"Why Do I Do It?'", Brill's Content (December, 2000)
I have lost many friends, and I've seen many more wounded — by snipers, by mortar shells, by land mines, and by crazed, Kalashnikov-wielding druggies at checkpoints. It has occurred to me that I have spent almost every working day of the past ten years living in a state of repressed fear... And then there's the nightmare of what we see: in Rwanda, piles of bodies being lifted by bulldozers after a genocide and dumped into mass graves — and the toughest of soldiers, supervising this, in tears. In Bosnia, little children being shot in the head. In Somalia and Ethiopia, the walking skeletons heralding those terrible famines. I remember once doing a live shot from a so-called famine camp in Somalia, in which I showed a man, told his story, and explained how ill he was. I suddenly realized that he was dying at that very moment. And I didn't know what to do â€” I didn't know how to move the camera away, how not to sully what was happening in real life. These images and these sounds will never leave me.
All Too Human (Back Bay Books: 2000)
Because I believe in original sin, because I know that I'm capable of craving a cold beer in a village of starving kids, because I know that selfishness vies for space in our hearts with compassion, I believe we need government. A government that forces us to care about the common good even when we don't feel like it, a government that helps channel our better instincts and check our bad ones. I don't think government is good, just necessary.
The LA Times (December 1, 1999).
After years spent studying the world's great philosophers and writers, of poring over the Bible, Talmud, Torah and other ancient texts, of discussions with inspired social and religious leaders, [Eli] Wiesel still has no answer to the question of what makes people good or evil. "I can give all the usual answers — education, home, parents, peer pressure. But these are just factors. The mystery of why people become good or evil is still just that — a mystery." But he has thought of one "rational approach" to ensuring more goodness in humanity. It is respect. "If I respect The Other for whatever The Other is, and The Other respects me for whatever I am, then there can be understanding and even great friendship between all people."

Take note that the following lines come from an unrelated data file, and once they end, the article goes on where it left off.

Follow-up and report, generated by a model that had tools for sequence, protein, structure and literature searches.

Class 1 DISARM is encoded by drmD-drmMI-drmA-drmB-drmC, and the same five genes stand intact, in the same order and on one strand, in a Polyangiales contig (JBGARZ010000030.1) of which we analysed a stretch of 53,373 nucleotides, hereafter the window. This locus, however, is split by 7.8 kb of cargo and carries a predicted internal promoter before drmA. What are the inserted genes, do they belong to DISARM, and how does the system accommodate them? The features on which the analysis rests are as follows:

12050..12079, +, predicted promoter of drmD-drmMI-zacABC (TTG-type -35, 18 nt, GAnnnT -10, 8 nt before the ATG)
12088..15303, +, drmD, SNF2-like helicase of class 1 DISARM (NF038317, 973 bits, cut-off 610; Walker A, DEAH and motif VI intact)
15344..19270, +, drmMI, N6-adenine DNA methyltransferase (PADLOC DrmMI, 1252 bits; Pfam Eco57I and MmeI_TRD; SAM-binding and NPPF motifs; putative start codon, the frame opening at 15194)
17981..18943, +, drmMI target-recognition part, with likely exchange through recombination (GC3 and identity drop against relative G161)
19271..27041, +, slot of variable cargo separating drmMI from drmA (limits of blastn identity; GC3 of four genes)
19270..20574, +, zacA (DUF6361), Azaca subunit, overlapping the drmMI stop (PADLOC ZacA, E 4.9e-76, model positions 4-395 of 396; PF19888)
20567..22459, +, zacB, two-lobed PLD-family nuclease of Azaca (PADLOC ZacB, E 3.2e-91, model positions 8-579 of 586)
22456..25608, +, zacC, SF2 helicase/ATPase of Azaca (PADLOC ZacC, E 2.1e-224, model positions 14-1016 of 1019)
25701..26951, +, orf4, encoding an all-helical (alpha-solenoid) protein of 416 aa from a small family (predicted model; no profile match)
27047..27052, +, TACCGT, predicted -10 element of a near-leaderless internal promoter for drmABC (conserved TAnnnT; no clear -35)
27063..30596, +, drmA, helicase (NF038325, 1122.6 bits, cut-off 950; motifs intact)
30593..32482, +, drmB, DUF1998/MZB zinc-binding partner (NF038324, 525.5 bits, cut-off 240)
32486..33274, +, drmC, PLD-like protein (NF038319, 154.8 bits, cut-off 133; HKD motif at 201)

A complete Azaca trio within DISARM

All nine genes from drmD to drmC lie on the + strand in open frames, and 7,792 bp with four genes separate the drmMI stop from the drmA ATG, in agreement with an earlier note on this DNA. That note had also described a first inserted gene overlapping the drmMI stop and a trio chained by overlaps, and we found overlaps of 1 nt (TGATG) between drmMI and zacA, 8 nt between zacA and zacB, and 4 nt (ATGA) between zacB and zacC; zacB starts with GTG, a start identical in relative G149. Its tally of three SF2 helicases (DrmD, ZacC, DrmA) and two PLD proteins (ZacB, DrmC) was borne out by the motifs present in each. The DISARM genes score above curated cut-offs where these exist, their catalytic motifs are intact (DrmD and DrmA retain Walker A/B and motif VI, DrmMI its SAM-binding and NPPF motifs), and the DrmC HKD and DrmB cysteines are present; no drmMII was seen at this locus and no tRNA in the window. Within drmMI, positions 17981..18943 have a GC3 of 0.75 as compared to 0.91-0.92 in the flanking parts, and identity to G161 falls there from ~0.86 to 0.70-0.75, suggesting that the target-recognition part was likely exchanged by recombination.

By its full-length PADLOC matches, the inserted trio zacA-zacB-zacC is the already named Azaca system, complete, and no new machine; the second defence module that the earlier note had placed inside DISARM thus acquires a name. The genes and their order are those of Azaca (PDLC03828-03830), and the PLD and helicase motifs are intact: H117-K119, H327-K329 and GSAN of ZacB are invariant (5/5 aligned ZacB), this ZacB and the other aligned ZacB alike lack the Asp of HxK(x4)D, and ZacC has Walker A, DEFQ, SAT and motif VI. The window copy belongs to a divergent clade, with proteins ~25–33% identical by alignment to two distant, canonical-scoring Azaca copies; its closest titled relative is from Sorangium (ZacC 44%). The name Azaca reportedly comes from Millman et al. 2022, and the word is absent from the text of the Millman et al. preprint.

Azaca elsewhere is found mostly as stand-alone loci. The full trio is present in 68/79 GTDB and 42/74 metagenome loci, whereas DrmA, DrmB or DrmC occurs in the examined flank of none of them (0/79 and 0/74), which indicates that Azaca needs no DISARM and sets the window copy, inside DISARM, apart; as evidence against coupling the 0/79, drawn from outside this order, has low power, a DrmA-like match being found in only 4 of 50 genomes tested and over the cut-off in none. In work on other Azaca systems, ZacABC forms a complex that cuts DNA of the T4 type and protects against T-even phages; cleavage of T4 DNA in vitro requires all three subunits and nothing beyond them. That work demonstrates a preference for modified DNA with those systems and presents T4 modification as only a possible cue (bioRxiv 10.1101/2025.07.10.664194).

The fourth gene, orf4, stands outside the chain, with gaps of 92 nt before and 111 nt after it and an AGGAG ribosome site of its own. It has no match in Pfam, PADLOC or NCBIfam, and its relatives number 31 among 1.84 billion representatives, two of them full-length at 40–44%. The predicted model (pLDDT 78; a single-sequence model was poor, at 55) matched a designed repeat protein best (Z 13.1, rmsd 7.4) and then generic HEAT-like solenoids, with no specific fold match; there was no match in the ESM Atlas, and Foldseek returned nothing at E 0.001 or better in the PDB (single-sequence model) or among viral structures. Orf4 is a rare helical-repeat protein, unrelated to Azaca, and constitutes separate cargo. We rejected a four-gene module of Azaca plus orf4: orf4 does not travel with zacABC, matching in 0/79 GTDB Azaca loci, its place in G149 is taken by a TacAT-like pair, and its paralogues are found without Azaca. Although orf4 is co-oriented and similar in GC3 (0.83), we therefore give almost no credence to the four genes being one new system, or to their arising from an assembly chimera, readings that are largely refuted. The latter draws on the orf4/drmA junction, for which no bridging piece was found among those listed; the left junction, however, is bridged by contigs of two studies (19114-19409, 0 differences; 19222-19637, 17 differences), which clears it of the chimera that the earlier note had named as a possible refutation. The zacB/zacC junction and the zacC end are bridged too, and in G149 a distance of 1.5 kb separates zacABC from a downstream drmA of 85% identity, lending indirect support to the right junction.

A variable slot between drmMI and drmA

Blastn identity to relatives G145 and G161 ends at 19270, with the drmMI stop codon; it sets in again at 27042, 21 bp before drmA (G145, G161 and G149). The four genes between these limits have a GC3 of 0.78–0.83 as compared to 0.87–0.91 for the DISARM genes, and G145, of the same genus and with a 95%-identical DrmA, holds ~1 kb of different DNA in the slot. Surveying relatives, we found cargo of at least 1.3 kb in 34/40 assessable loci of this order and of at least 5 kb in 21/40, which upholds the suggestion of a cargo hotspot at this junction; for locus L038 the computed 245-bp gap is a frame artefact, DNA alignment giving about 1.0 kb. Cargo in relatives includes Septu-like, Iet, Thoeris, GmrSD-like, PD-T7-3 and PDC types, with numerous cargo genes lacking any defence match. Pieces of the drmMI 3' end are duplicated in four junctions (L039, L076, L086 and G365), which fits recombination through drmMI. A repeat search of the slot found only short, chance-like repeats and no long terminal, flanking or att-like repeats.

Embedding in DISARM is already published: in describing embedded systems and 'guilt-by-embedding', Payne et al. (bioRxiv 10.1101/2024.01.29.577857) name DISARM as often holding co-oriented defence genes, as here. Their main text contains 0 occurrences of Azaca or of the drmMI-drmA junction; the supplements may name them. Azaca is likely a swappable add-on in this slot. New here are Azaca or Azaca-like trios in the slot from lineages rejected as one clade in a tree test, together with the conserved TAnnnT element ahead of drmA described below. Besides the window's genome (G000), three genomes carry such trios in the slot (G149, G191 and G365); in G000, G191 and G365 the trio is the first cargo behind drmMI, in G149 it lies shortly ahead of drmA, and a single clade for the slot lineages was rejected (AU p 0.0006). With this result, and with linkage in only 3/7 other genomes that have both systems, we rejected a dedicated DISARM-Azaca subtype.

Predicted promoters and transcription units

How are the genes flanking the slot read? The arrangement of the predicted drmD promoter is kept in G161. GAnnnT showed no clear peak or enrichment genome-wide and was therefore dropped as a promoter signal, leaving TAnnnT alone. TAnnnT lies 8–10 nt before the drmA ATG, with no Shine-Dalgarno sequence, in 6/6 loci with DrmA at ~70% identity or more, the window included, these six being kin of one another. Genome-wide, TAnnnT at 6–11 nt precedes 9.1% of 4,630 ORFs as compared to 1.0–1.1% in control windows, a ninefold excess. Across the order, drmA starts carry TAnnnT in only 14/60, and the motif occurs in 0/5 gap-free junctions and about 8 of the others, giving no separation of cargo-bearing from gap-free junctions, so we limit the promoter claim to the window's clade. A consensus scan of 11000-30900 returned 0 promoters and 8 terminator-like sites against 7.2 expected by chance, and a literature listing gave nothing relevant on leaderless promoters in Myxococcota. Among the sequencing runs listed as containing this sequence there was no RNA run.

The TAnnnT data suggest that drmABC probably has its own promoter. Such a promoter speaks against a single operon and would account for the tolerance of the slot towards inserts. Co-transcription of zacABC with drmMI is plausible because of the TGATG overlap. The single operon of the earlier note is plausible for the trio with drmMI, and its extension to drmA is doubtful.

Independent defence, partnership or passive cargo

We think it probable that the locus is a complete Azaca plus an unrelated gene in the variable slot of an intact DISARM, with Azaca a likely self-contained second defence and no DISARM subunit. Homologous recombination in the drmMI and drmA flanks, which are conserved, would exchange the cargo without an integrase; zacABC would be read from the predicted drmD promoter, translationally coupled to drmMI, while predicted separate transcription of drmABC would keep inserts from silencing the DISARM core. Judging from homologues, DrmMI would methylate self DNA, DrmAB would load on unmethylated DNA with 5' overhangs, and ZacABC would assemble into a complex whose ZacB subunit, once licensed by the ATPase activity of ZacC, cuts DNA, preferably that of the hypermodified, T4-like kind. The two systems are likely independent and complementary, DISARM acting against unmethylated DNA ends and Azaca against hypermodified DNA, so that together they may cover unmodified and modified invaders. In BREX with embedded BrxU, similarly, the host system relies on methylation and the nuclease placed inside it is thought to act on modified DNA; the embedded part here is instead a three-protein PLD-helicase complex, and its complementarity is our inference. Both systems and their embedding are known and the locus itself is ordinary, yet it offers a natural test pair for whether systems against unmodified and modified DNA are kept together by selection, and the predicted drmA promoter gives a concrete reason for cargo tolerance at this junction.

The Brothers K (Bantam Books: July 1996), p. 529.
Window down, transmission in neutral, he was gliding along, exhausted, under stars and sinking moon, driving at swimming speed, otter speed, watching the same moon-silvered riffles and silent glides she'd navigated moments before. And when he pictured again the way she'd watched him — one small, rounded ear up, listening to his babble, the other ear down, listening to the world beneath the asphalt, crushed and alive, two worlds at once — it touched something in him, unlocked something, and he felt himself fall through a kind of false bottom, felt he was driving now, down, into a vast, dark pool. A pool of sorrows, it seemed at first. And not just his own, not just crushed otters and lost Tashas. The stuff of small and large losses, and of recent and ancient ones — poxed kakiutl and napalmed Asians, leveled cities and leveled minds, lost tribes and understandings, broken bridges between worlds — it was all somehow suspended here. Immense sadness on all sides, yet immense depth -- there was room down here for all of it. And in his exhaustion he didn't panic, didn't try to escape, didn't close his mind around any one hurt. He just kept easing the Olds down through it all, thrashing on a gurney, Natasha laughing in a cloudburst, the one good paw scrabbling at the road. No matter how much he saw, more kept coming. Sorrows were endless; he'd always known this. But so, he discovers as he kept sinking and sinking, was the spaciousness of this great black pool.
River Out of Eden: A Darwinian View of Life (Basic Books: 1995), p. 133.
The total amount of suffering per year in the natural world is beyond all decent contemplation. During the minute that it takes me to compose this sentence, thousand of animals are being eaten alive, many others are running for their lives, whimpering with fear, others are slowly being devoured from within by rasping parasites, thousands of all kinds are dying of starvation, thirst, and disease. It must be so... In a universe of electrons and selfish genes, blind physical forces and genetic replication, some people are going to get hurt, other people are going to get lucky, and you won't find any rhyme or reason in it, nor any justice. The universe that we observe has precisely the properties we should expect if there is, at bottom, no design, no purpose, no evil, no good, nothing but pitiless indifference.